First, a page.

Simple Swiss Chard

So, you want to try Swiss chard? You're in the right place! Learn how to cut and cook this vibrant leafy green, and find our favorite Swiss chard recipes.

Sautéed Swiss chard

We all go crazy over spinach and kale, but when was the last time you cooked Swiss chard? This vibrant leafy green is one of my favorite vegetables to work with. It’s endlessly versatile – my go-to Swiss chard recipes range from smoky Mojo bowls to a lemony pasta – and its stems are just as edible as its dark green leaves. Because I think we could all be cooking it more often, I wanted to share a little Swiss chard 101 today. If you’ve never worked with chard before, I hope these tips and recipes will encourage you to try it. And if you’re already a Swiss chard pro, I hope a recipe here will inspire you to prepare it in a new way. There’s no limit to what Swiss chard can do!

Red chard leaves on marble

But first, what is Swiss chard?

Good question! Swiss chard is a leafy vegetable that’s closely related to beets. In fact, if you’ve cooked with beet greens before, you’ll find that chard has a lot of similarities. The mature leaves are lush and relatively coarse when they’re raw, but they wilt down beautifully when they’re braised or sautéed. Their earthy flavor pairs really well with garlic, nuts, dried fruits like currants and raisins, and acids like lemon juice and vinegar.

Chard stems are edible, too, so don’t toss them when you’re cooking the leaves! If I’m making sautéed Swiss chard, I simply add the stems to the pan a few minutes before I add the leaves so that they have a chance to soften. They also pickle really nicely, so they’re a great way to add crunch to salads, sandwiches, and bowls. The stems in the photos here are red, but that’s not the only way you’ll find them at the farmers market or grocery store. Depending on the variety, chard might have pale green, gold, red, or even striped stems. All are delicious!

Chopped Swiss chard leaves and stems on a cutting board

How to Cook Swiss Chard

When I buy a big bunch of green, red, or rainbow chard, I almost always cook the leaves. For me, they’re a little spongy and tough to use raw in salads, though baby chard, if it’s available, is a great salad base.

The simplest way to cook chard is to sauté it. Here’s my easy method:

First, prep the chard. Slice the leaves off the tough stems, and cut the stems into 1/4-inch slices. Stack the leaves on top of one another and coarsely chop them.

Sautéed greens in skillet with wooden spoon

Next, cook the stems. Heat a little olive oil in a large skillet over medium heat. Add the chard stems and cook for about 2 minutes, or until they start to soften.

Then, add the leaves, some sliced garlic, salt, and pepper, and cook until the leaves wilt, about another 2 minutes.

Finally, season and serve. Squeeze the wilted chard with lemon juice and serve it as a side dish. Find more of my favorite Swiss chard recipes and serving suggestions below!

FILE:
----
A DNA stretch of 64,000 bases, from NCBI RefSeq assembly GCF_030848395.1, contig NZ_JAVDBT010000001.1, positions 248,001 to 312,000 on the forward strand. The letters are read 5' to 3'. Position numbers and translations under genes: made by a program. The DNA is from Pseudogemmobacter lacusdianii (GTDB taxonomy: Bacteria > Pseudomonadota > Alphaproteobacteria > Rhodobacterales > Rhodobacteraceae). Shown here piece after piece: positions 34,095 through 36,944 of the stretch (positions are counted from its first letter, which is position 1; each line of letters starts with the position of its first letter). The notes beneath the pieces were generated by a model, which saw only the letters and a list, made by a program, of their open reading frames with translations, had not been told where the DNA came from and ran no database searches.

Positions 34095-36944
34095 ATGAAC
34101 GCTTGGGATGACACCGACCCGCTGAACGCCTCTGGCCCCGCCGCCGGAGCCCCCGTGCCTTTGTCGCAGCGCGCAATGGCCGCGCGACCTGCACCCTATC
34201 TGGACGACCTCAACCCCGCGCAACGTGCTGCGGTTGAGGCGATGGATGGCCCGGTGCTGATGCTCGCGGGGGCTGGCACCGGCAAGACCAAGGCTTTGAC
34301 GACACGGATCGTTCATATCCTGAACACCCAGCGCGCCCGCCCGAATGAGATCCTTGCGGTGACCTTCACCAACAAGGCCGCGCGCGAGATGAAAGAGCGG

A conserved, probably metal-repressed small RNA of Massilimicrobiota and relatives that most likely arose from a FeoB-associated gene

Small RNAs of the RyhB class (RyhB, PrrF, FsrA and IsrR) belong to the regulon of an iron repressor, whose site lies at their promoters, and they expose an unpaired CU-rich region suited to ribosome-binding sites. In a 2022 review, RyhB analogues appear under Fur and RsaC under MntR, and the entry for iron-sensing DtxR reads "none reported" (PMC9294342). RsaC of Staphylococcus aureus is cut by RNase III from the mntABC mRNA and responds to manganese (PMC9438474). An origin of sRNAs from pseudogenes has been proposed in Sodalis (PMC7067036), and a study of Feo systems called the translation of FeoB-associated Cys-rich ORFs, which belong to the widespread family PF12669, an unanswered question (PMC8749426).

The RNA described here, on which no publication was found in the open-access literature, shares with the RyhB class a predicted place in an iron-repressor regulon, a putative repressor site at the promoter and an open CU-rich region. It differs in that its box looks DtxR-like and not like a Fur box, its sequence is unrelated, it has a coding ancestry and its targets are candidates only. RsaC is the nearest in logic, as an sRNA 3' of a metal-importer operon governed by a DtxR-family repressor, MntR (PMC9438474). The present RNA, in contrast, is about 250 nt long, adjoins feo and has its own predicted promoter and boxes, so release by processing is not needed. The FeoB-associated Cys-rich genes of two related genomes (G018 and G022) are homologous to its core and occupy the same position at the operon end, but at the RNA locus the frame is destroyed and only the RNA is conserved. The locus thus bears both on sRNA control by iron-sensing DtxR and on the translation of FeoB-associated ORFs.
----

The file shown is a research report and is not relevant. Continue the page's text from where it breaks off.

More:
Red Swiss chard leaves

Other Favorite Swiss Chard Recipes

Simple sautéed Swiss chard is an easy, healthy, and delicious side dish, but there are plenty of other ways to serve this green. These Swiss chard recipes and serving suggestions are some of my favorites:

How do you like to use Swiss chard? Let me know in the comments!

Sautéed Swiss chard recipe

More Vegetable Basics

If you love this simple Swiss chard recipe, try cooking one of these vegetables next:

Sautéed Swiss Chard

rate this recipe:
5 from 4 votes
Prep Time: 5 mins
Cook Time: 5 mins
Total Time: 10 mins
Serves 4
This simple Swiss chard recipe is an easy, healthy, and delicious side dish! You could also toss it with pasta or serve it over creamy polenta to make it a meal.

Ingredients

  • 2 bunches Swiss chard
  • 1 tablespoon extra-virgin olive oil
  • 2 garlic cloves, thinly sliced
  • 1/4 teaspoon sea salt, more to taste
  • Lemon wedge, for squeezing
  • Freshly ground black pepper

Instructions

  • Slice the stems off the chard leaves and chop the stems into 1/4-inch slices. Coarsely chop the leaves.
  • Heat the oil in a large skillet over medium heat. Add the chard stems and cook for 1 to 2 minutes, or until they begin to soften. Add the chard leaves, garlic, salt, and several grinds of pepper, and sauté for 1 to 2 minutes, or until the leaves are wilted.
  • Turn off the heat, squeeze a little lemon juice over the chard, and toss. Season to taste and serve.

5 comments

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Rate this recipe (after making it)




  1. Liz McCormack
    06.29.2022

    I’m growing my own Swiss chard and kale. A
    “ bunch” is how much by weight, grams or ounces

    • Jeanine Donofrio
      07.02.2022

      Hi Liz, about 6 or so medium sized leaves will work here. Doesn’t have to be an exact weight.

  2. Lisa
    04.30.2022

    I just made this recipe and it was delicious, thank you for posting it. It was my first time cooking Swiss Chard and I will definitely follow this recipe again.

    • Jeanine Donofrio
      05.01.2022

      I’m so glad you enjoyed the chard!

  3. ML Carver
    03.17.2022

    I grew up eating Swiss chard, so I absolutely love it. Lately, I’ve been using leaves as a wrapper for enchiladas and for stuffed “cabbage” because the leaves are so sturdy when you wrap and roll them, then baking them makes tender and delicious. I love its versatility as well as its simplicity. I also use it for creamed Swiss chard with steaks and chops.

A food blog with fresh, zesty recipes.
Photograph of Jeanine Donofrio and Jack Mathews in their kitchen

Hello, we're Jeanine and Jack.

We love to eat, travel, cook, and eat some more! We create & photograph vegetarian recipes from our home in Chicago, while our shiba pups eat the kale stems that fall on the kitchen floor.